As the Social Security Administration (SSA) runs low on funds, the projected date it will hit depletion was moved up to 2034, just 13 years out. The depletion date will occur when Social Security is forced to cut benefits by 20% due to a lack of funds.
The date was moved up due to a drop in tax revenue as a result of coronavirus-induced unemployment and labor shortages. With fewer people paying income tax in 2020, funding for the Social Security system dropped even as it continued to pay out benefits.
Because Americans continue to pay into Social Security through their income tax, the SSA isn't projected to run out of funds but will instead need to slash benefits by at least 20% to continue operating as more older Americans reach retirement age.
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Inaction from Congress could result in massive payment cuts
Congress is working to prevent a benefit cut by introducing its new bill, Social Security 2100: A Sacred Trust. The bill, introduced in the House of Representatives by Rep. John Larson (D-Conn.), would first move the date that the SSA will need to cut benefits back to 2038, allowing more time to find a permanent solution for the administration.
It would also provide all beneficiaries with an average increase of about 2% and increase the payroll taxes subject to Social Security taxes, increasing the maximum taxable threshold to $400,000 rather than today’s $142,800.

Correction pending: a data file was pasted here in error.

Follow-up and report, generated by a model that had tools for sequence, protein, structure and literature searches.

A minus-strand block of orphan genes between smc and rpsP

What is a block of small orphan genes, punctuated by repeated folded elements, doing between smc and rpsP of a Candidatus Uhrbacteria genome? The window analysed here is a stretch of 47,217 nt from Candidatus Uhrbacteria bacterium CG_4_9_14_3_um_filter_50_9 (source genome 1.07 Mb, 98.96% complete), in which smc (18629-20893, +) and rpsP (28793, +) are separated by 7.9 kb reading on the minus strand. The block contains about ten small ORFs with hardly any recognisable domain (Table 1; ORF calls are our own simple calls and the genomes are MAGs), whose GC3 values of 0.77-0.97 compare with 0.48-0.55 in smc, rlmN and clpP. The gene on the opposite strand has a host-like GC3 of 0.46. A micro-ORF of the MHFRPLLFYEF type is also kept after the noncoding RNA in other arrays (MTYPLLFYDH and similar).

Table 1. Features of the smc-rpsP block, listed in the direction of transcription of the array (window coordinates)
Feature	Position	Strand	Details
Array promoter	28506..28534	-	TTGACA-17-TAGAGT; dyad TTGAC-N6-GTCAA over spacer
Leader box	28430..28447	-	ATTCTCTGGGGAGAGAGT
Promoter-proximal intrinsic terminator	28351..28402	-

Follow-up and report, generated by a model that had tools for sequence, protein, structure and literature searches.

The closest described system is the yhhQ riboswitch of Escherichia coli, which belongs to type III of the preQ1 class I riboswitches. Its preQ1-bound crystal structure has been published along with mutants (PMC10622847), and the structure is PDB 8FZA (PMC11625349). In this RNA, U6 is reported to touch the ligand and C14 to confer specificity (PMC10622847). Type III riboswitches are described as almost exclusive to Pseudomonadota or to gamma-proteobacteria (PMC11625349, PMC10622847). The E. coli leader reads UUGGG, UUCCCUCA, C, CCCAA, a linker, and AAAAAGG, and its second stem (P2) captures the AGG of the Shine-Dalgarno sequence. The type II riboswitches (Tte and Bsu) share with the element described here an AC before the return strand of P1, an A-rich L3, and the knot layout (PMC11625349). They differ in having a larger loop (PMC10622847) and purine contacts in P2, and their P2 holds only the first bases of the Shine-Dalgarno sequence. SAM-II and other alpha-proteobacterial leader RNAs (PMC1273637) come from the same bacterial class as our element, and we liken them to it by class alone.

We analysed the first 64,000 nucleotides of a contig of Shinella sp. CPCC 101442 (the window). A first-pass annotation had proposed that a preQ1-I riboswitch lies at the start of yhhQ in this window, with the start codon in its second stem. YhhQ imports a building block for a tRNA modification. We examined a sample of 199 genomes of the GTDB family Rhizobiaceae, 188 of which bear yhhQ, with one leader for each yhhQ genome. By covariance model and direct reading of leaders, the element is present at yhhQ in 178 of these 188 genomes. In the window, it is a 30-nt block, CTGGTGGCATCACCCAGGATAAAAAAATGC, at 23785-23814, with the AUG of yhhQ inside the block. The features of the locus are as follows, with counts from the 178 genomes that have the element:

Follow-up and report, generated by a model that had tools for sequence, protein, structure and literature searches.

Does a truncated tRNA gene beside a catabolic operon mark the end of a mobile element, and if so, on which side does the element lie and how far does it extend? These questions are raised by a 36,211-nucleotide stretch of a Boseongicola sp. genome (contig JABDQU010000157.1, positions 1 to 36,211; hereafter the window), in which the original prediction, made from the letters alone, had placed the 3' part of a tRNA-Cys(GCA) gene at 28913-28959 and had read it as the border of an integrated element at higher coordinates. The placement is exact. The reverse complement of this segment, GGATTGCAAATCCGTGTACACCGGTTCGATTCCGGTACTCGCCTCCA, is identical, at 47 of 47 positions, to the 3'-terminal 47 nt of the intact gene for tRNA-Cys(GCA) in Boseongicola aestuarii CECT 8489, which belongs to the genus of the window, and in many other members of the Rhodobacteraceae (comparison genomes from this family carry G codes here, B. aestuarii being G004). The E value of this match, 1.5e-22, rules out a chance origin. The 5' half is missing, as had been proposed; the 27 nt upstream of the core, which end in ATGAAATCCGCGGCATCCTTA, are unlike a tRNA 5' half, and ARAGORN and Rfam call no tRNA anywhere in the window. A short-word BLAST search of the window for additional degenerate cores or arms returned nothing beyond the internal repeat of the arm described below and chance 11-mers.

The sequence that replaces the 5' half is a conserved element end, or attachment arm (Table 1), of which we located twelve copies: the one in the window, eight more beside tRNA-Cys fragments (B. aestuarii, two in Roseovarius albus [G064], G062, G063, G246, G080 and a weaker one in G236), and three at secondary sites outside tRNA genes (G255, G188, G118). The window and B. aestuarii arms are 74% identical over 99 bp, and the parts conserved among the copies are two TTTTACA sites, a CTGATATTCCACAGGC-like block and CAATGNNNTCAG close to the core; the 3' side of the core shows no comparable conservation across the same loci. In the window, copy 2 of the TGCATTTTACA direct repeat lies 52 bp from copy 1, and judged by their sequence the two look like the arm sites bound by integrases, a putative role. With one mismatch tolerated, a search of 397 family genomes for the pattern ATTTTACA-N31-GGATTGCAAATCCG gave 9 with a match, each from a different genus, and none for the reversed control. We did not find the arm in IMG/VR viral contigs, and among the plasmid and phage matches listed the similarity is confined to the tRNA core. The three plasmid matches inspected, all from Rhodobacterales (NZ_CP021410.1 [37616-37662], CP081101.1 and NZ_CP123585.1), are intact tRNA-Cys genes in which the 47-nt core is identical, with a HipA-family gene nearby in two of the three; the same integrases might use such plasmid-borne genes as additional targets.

The bill has 194 Democrat cosponsors and would combine current Social Security trust funds, including Old-Age and Survivors (OASI) and Disability Insurance trust funds (DI), into a single fund to ensure all benefits are paid.
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Inflation guides Social Security payments - until it doesn’t
Social Security paychecks are set to increase in 2022 by the largest percentage in nearly 40 years, according to the SSA. Next year, benefits will increase by 5.9% for about 70 million Americans, the highest increase since a 7.4% boost in 1982.
This large increase is due to surging inflation, which increased by 5.4% annually in September, according to the latest report from the Bureau of Labor Statistics (BLS).
Under the new Social Security bill, the annual cost of living adjustment (COLA) formula would be adjusted to adapt the CPI-E formula.
"This provision will help seniors who spend a greater portion of their income on health care and other necessities," Larson said. "Improved inflation protection will especially help older retirees and widows who are more likely to rely on Social Security benefits as they age."
If Congress can't reach an agreement concerning Social Security before 2034, inflation levels won't matter as benefits are slashed by about 20%. Payments will be forced to be determined by the funding available to the administration, rather than inflation levels and need.
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